Turkish officials quote Turkoman community leaders as saying that at least 60 civilians were killed and another 50,000 people had to flee their homes amid the fighting. U.S. forces say they killed 57 enemy fighters.
But whatever the final death toll, there is no doubt Ankara is furious over the raid on the mostly Turkoman-populated town.
Gareth Stansfield, a regional specialist at the Center of Arab and Islamic Studies at Britain's University of Exeter, told RFE/RL: "There are two principle concerns that the Turkish government has with Tal Afar. Firstly, it is inhabited by Turkmens [Turkomans], principally, and the Turkmens are ethnically related to their cousins in Turkey, and Ankara has often seen its responsibility as protecting these people, particularly against the Kurds."
He added: "Now this brings in what I think is the most important angle of what the Turkish concern is [and that is] that there is a strong belief in Ankara that Iyad Allawi, the Iraqi prime minister, and the Americans were suckered into attacking Tal Afar by Kurdish intelligence circles, and really brought to Tal Afar to target ostensibly Al-Qaeda and antioccupation forces with the Kurds knowing full well that this would also bring them up against Turkmens and create a rift between Washington and Ankara over their treatment of a Turkmen city."
Analysts say that Ankara's reaction to the events in Tal Afar is also a reminder that Turkey, one of the United States' closest regional allies, is watching events in Iraq closely -- but not always happily. Prior to last year's U.S. invasion, Ankara initially pressed for a role in maintaining security in northern Iraq and stressed it would not tolerate any efforts by Iraqi Kurds to create an independent state there.
Turkey said any Kurdish state in northern Iraq would both endanger the rights of the Turkmens and be a threat to Turkey's own national interests. Ankara is believed to worry that creation of an independent Kurdish state -- or even strongly autonomous Kurdish entity -- in the region could encourage its own Kurdish minority to press for similar rights. The Turkish government recently quashed a 15-year rebellion for Kurdish self-rule in southern Turkey which claimed more than 36,000 lives.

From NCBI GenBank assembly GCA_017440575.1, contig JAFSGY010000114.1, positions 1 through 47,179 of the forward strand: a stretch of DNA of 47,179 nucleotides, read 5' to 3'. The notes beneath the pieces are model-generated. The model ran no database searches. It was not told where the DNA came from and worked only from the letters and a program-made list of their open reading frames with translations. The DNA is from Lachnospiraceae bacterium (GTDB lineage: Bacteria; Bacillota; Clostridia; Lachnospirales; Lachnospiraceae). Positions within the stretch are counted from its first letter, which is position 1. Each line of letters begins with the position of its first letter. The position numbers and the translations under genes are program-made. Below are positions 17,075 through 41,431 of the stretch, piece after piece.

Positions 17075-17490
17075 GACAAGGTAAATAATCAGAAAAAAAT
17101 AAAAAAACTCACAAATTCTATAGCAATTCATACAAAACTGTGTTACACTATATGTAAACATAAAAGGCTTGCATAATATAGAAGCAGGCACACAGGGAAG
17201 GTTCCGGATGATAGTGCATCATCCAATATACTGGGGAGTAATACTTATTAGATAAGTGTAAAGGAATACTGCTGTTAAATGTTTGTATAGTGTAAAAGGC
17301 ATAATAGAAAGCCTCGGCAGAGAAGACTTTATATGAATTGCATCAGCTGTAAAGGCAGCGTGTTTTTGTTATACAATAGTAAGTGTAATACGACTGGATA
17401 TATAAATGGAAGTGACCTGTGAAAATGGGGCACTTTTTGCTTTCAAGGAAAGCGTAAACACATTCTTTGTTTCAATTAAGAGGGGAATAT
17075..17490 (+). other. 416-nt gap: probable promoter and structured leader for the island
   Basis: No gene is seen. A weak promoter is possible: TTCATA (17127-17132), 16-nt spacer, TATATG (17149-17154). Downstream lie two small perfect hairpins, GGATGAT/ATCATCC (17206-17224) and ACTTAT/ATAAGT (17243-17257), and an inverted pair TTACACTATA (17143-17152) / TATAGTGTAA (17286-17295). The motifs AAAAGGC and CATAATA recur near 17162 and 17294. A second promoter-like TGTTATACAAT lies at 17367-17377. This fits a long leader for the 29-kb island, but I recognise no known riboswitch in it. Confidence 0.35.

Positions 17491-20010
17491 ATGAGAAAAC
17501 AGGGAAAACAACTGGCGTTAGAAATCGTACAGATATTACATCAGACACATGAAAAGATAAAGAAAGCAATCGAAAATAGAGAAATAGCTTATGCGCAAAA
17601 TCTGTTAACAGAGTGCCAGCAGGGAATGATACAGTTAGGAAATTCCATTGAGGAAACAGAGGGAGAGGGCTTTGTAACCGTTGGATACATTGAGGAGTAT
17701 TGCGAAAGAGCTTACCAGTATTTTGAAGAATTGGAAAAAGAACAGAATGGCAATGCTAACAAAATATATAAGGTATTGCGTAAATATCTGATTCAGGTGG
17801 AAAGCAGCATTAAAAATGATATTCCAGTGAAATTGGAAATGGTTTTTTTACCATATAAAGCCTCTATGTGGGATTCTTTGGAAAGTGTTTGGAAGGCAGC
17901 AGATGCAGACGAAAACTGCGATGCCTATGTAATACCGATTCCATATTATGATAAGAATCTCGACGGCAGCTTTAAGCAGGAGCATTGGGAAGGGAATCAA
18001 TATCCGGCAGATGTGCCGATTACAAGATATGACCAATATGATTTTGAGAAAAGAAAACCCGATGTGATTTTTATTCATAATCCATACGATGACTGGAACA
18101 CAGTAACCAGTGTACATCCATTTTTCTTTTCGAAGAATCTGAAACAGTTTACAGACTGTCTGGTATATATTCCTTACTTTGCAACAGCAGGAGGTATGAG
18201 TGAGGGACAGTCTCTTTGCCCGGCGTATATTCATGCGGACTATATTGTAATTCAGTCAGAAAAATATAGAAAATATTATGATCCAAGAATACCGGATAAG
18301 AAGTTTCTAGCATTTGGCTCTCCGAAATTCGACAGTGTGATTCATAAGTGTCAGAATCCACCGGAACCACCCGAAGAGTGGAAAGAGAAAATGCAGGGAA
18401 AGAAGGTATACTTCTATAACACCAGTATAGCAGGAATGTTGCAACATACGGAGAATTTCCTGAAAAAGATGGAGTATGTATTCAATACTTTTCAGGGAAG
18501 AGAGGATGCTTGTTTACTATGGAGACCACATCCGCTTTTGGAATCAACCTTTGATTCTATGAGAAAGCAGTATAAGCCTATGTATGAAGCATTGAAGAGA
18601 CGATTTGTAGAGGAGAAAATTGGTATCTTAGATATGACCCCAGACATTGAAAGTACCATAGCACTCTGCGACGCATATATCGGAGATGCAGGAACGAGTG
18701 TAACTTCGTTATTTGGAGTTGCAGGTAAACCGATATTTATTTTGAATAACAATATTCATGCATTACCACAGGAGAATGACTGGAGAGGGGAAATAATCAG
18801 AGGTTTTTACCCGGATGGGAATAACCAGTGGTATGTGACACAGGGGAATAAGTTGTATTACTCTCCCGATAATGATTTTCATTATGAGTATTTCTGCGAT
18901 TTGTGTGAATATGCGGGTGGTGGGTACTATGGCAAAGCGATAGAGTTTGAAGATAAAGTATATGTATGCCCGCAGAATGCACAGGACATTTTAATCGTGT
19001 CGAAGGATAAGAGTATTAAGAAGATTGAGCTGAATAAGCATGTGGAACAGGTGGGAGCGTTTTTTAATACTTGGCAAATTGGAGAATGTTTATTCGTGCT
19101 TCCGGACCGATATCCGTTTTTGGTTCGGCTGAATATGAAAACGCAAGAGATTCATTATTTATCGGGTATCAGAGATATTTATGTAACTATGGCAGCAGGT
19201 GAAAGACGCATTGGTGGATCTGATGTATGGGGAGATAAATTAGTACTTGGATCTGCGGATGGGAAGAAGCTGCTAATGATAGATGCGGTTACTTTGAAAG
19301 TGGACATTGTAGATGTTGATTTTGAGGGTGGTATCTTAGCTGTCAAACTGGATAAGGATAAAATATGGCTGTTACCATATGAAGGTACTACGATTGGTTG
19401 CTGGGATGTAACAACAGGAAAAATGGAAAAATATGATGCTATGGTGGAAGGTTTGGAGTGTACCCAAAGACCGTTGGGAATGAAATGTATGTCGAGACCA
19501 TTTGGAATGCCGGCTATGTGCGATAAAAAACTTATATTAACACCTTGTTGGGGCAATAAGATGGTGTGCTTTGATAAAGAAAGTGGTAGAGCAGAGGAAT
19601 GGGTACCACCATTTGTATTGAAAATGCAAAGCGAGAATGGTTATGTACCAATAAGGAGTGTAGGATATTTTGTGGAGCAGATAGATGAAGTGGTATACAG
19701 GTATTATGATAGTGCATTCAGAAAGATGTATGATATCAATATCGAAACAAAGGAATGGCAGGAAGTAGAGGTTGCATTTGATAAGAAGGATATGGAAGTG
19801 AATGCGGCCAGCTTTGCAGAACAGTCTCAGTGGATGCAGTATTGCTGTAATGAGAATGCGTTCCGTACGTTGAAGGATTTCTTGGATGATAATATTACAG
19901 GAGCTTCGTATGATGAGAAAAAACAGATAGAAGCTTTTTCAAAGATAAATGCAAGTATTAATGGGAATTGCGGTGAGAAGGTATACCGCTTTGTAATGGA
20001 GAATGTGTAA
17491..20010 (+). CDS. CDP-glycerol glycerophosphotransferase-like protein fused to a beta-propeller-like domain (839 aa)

But any Turkish hopes of having a security presence to protect its interests in northern Iraq have been derailed by the objections of Iraqi Kurd leaders, who are also U.S. allies. Ankara has a few hundred Turkish troops in northern Iraq but they are limited to monitoring Turkish Kurd rebels who have some hideouts in the region.
That has created an uneasy state of co-existence between Ankara and the two major Kurdish political parties -- a balance any U.S. military operation in the area could easily disturb.
Turkey and the Turkoman community accuse the Kurds of continually pressing for full control of towns where there are mixed populations and seeking to evict Turkoman and Arab inhabitants from the region. The two leading Kurdish parties, the Kurdish Democratic Party (KDP) and Patriotic Union of Kurdistan (PUK), reject the charges.
In Tal Afar, there has been friction between the Turkomans and Kurds since the fall of Saddam Hussein. The British daily "The Independent" reports that the KDP appointed its own mayor, Abdul Haleq, in Tal Afar shortly after taking control of the area from Hussein's retreating troops. The new mayor flew the Kurdish flag outside his office until he was killed by local people who had reportedly demanded he take the flag down.
During last week's operations in Tal Afar, the Turkish media reported that Kurds were trying to advance into the city to take the place of residents who fled the fighting. The U.S. ambassador to Turkey, Eric Edelman, denied the reports, saying there were no attempts to change the demographic structure of the region.
Stansfield said that the incident shows how volatile tensions remain between Ankara and the Iraqi Kurds despite ongoing efforts by both sides to work together. "The Turkish position has become increasingly more sophisticated over the last months, and arguably years, with Ankara finding an accommodation with the KDP and PUK and beginning to realize that while it is not their favored option to allow the Kurds to be autonomous in the north of Iraq, it is perhaps one of the better options that they are faced with in this situation," he said
He added, "However, the relationship between the two principle Kurdish parties and the government of Turkey will always be sensitized by the Kurds' treatment of Turkmens and indeed now the American treatment of Turkmens vis-a-vis Kurds."
The United States, Turkey, and the Kurdish parties all say they are committed to maintaining the territorial unity of Iraq and a federal system of government.
For the latest news on Iraq, see RFE/RL's webpage on "The New Iraq".